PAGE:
Selective Killing of Cancer Cells by Leaf Extract of Ashwagandha: Identification of a Tumor-Inhibitory Factor and the First Molecular Insights to Its Effect

Research Institute for Cell Engineering, GENE Therapeutics, Inc., National Institute of Advanced Industrial Science and Technology, Higashi, Tsukuba, Japan.
Clinical Cancer Research (Impact Factor: 8.72). 04/2007; 13(7):2298-306. DOI: 10.1158/1078-0432.CCR-06-0948
Source: PubMed


Ashwagandha is regarded as a wonder shrub of India and is commonly used in Ayurvedic medicine and health tonics that claim its variety of health-promoting effects. Surprisingly, these claims are not well supported by adequate studies, and the molecular mechanisms of its action remain largely unexplored to date. We undertook a study to identify and characterize the antitumor activity of the leaf extract of ashwagandha.
Selective tumor-inhibitory activity of the leaf extract (i-Extract) was identified by in vivo tumor formation assays in nude mice and by in vitro growth assays of normal and human transformed cells. To investigate the cellular targets of i-Extract, we adopted a gene silencing approach using a selected small hairpin RNA library and found that p53 is required for the killing activity of i-Extract.
By molecular analysis of p53 function in normal and a variety of tumor cells, we found that it is selectively activated in tumor cells, causing either their growth arrest or apoptosis. By fractionation, purification, and structural analysis of the i-Extract constituents, we have identified its p53-activating tumor-inhibiting factor as with a none.
We provide the first molecular evidence that the leaf extract of ashwagandha selectively kills tumor cells and, thus, is a natural source for safe anticancer medicine.

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Available from: Nashi Widodo, Sep 28, 2015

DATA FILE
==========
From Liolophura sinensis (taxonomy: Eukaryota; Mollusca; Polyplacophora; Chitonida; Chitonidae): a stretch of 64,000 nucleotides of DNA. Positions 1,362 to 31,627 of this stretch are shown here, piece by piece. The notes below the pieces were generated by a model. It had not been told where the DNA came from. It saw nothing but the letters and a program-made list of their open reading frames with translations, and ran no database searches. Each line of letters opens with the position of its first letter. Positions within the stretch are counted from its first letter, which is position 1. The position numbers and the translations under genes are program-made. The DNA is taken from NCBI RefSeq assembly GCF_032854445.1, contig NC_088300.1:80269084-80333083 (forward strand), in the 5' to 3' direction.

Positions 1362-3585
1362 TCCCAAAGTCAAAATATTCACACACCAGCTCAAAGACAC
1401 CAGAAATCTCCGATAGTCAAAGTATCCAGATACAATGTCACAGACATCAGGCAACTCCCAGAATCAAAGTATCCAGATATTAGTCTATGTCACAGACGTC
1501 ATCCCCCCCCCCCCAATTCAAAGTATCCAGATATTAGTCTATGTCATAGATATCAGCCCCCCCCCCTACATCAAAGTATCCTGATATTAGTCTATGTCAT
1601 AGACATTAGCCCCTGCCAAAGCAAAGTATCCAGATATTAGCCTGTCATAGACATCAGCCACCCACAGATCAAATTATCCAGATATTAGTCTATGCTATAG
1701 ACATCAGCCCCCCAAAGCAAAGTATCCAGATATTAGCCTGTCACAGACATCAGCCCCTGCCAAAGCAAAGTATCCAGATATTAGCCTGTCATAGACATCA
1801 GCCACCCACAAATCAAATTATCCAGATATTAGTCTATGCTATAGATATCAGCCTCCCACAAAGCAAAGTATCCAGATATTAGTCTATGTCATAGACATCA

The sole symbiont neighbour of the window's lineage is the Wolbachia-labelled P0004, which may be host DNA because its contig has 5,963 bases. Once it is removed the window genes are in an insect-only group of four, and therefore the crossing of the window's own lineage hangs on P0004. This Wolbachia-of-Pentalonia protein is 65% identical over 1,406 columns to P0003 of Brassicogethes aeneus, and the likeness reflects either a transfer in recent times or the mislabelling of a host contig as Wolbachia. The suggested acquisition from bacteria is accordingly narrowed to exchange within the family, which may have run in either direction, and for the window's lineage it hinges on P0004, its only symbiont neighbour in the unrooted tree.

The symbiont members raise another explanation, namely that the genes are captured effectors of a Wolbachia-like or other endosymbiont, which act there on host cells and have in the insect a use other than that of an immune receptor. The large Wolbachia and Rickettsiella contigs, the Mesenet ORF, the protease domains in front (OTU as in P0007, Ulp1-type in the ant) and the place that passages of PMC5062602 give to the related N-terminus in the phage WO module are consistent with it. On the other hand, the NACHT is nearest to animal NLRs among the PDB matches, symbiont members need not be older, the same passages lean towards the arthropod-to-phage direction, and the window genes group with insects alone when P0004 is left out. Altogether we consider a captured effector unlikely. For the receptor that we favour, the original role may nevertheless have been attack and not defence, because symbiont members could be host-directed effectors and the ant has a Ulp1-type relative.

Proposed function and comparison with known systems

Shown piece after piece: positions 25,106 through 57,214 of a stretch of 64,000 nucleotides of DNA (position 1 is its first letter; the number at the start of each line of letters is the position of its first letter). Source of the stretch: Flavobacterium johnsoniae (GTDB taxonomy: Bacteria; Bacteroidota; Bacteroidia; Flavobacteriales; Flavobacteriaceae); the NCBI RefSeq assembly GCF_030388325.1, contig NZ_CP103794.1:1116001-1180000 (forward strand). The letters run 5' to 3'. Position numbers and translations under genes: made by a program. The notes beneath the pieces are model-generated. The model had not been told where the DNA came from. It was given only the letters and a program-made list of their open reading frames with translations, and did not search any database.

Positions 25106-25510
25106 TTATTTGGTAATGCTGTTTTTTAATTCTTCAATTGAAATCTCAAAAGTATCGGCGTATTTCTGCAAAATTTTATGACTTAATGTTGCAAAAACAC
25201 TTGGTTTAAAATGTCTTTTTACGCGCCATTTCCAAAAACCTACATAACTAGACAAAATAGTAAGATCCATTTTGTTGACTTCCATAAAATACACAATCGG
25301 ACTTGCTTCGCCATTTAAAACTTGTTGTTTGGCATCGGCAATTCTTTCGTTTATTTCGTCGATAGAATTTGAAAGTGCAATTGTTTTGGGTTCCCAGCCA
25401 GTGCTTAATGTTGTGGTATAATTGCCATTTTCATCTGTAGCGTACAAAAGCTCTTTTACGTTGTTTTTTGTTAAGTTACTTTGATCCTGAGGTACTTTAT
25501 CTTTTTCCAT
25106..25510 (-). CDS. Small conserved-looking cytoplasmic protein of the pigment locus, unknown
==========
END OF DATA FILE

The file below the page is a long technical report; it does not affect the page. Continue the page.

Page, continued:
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    • "Therefore, we first investigated the presence of withanone in the water extract. HPLC of ASH-WEX was performed at conditions that detected withanone and withaferin A in the alcoholic extract and as described earlier [38]. As shown in Figure 2A-2, there was neither withanone nor withaferin A in the ASH-WEX. "
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    ABSTRACT: Cancer is a leading cause of death accounting for 15-20% of global mortality. Although advancements in diagnostic and therapeutic technologies have improved cancer survival statistics, 75% of the world population live in underdeveloped regions and have poor access to the advanced medical remedies. Natural therapies hence become an alternative choice of treatment. Ashwagandha, a tropical herb used in Indian Ayurvedic medicine, has a long history of its health promoting and therapeutic effects. In the present study, we have investigated an anticancer activity in the water extract of Ashwagandha leaves (ASH-WEX). Anticancer activity in the water extract of Ashwagandha leaves (ASH-WEX) was detected by in vitro and in vivo assays. Bioactivity-based size fractionation and NMR analysis were performed to identify the active anticancer component(s). Mechanism of anticancer activity in the extract and its purified component was investigated by biochemical assays. We report that the ASH-WEX is cytotoxic to cancer cells selectively, and causes tumor suppression in vivo. Its active anticancer component was identified as triethylene glycol (TEG). Molecular analysis revealed activation of tumor suppressor proteins p53 and pRB by ASH-WEX and TEG in cancer cells. In contrast to the hypophosphorylation of pRB, decrease in cyclin B1 and increase in cyclin D1 in ASH-WEX and TEG-treated cancer cells (undergoing growth arrest), normal cells showed increase in pRB phosphorylation and cyclin B1, and decrease in cyclin D1 (signifying their cell cycle progression). We also found that the MMP-3 and MMP-9 that regulate metastasis were down regulated in ASH-WEX and TEG-treated cancer cells; normal cells remained unaffected. We provide the first molecular evidence that the ASH-WEX and TEG have selective cancer cell growth arrest activity and hence may offer natural and economic resources for anticancer medicine.
    PLoS ONE 11/2013; 8(10):e77189. DOI:10.1371/journal.pone.0077189 · 3.23 Impact Factor
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    • "Recently, withanolide derived from Ashwagandha leaf extract [32] has shown a potential role in selectively killing breast cancer MCF7 cells at a concentration of 24 µg/ml [33]. The current study similarly showed that the IC50 values of Ca9-22 oral cancer cells were 3.6 µg/ml (7.16 µM) and 1.9 µg/ml (3.78 µM) after 24 h and 48 h treatment with 4βHWE, respectively. "